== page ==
Fire risk

I’ve been looking into laser cutters for a while. I’ve read though tons of forum posts and discussions trying to become as informed as possible about the capabilities and the risks associated with laser cutters. One of the major hazards is fire inside the machine. Most of the materials that can be cut with a co2 laser cutter are at least some what flamible and when mixed with a laser there is an obvious fire potential.
My concern is that all of the reasonably high powered machines I’ve seen have metal enclosures which provides some amount of protection to the machine and enviroment. The GF housing appears to be plastic. With a plastic housing it seems that even a small fire could do significant damage to the structure of the machine, depending on how its constructed, and worst case the whole thing could go up. I don’t mean to be alarmist, but we are talking about a bringing a pretty serious price of equipment into a home environment.

I’d like to get GF’s take on this and any innovative saftey measures that may be in the works.


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Thanks so much for the thoughtful note. It’s something I worry about too, as I’ve had a giant industrial laser in my garage for a year or more.

I’ll start at the end: Don’t leave Glowforge unattended during prints. It’s unlikely anything will need your attention, but if it does, you should be nearby.

That said, the design was created from plastic that softens rather than ignites, and as you probably saw, the lid is a very solid piece of glass. It’s designed to fail in a way that does not spread any fire.

We’ve also added a number of safety systems to avoid all the major causes of fires we’ve seen in laser postmortems. For example, we won’t leave the head blowing air on the ember left from a cut - we shut off the air when the cut is done, unlike most systems. As another example, we can detect the collisions that are usually the start of a problem with our onboard accelerometers.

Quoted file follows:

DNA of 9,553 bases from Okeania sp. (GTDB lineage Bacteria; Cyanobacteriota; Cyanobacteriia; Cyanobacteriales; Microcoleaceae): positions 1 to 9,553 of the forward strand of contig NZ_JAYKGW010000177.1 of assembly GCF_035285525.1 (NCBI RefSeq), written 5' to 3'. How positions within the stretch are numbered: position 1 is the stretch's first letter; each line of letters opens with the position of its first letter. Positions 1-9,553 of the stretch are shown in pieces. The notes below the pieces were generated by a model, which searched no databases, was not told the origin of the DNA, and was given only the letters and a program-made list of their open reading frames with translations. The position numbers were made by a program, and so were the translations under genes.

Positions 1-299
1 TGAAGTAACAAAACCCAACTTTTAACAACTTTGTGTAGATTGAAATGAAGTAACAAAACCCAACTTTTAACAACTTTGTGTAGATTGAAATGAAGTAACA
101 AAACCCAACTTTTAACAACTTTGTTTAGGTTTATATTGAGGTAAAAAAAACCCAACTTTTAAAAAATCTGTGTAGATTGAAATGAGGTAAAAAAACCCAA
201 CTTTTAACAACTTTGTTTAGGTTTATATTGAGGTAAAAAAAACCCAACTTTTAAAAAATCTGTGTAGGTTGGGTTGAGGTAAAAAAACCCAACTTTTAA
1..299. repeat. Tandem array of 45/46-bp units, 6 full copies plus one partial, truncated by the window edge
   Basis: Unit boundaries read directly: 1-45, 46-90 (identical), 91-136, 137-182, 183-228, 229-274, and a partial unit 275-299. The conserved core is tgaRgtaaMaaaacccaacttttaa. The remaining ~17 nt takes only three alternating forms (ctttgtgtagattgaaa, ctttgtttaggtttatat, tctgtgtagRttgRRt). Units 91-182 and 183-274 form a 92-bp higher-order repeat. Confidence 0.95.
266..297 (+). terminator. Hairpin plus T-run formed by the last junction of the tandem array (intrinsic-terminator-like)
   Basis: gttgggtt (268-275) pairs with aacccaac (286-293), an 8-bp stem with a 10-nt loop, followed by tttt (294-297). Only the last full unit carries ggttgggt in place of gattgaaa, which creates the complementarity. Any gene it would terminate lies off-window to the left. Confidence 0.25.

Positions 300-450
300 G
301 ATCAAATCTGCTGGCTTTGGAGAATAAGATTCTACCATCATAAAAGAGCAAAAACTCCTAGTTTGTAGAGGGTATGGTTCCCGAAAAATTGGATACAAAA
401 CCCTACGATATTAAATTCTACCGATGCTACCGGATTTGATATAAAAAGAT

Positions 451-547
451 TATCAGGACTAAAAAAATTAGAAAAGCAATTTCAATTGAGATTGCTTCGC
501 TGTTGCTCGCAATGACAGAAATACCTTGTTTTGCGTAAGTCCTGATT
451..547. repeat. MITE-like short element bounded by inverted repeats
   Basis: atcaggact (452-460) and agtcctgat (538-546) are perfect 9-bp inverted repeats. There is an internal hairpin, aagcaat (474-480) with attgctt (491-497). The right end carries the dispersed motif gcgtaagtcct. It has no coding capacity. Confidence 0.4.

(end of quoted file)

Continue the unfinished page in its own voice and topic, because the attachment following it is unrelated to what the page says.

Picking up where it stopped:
This isn’t something I’d let a child use unattended, but I worry about it less than, say, my blender when they’re around.



“but I worry about it less than, say, my blender when they’re around”

This made me smile as my son as an unusual fascination with our blender… and probably will with our Glowforge as well.

This is the first laser cutter I’ve seen without an Emergency Stop button on it. They’re so ubiquitous, I assumed they were required by code (in addition to being a good idea). Is there a kill switch somewhere?

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The button on the stop pauses it while running - unlike an e-stop, though, you can resume. There’s a power switch on the back. Lifting the lid also cuts all power to the laser immediately.


@dan Is it safe to assume that lifting the lid would cut power to the laser on both the pro and basic models? I ask because I know that the class IV laser in the pro is able to operate with the pass-through slot open, so I just wanted to confirm that it still had the same safety feature in the lid.

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OSHA requires a Class IV laser to have a master key interlock and eye protection. I believe EU requires an e-stop on cutters…so EU buyers might want to look into that before attempting to import and setup a GF anywhere it might be inspected. In the US, Federal Laser Product Performance Standards DO require an e-stop for Class 3b and 4 lasers: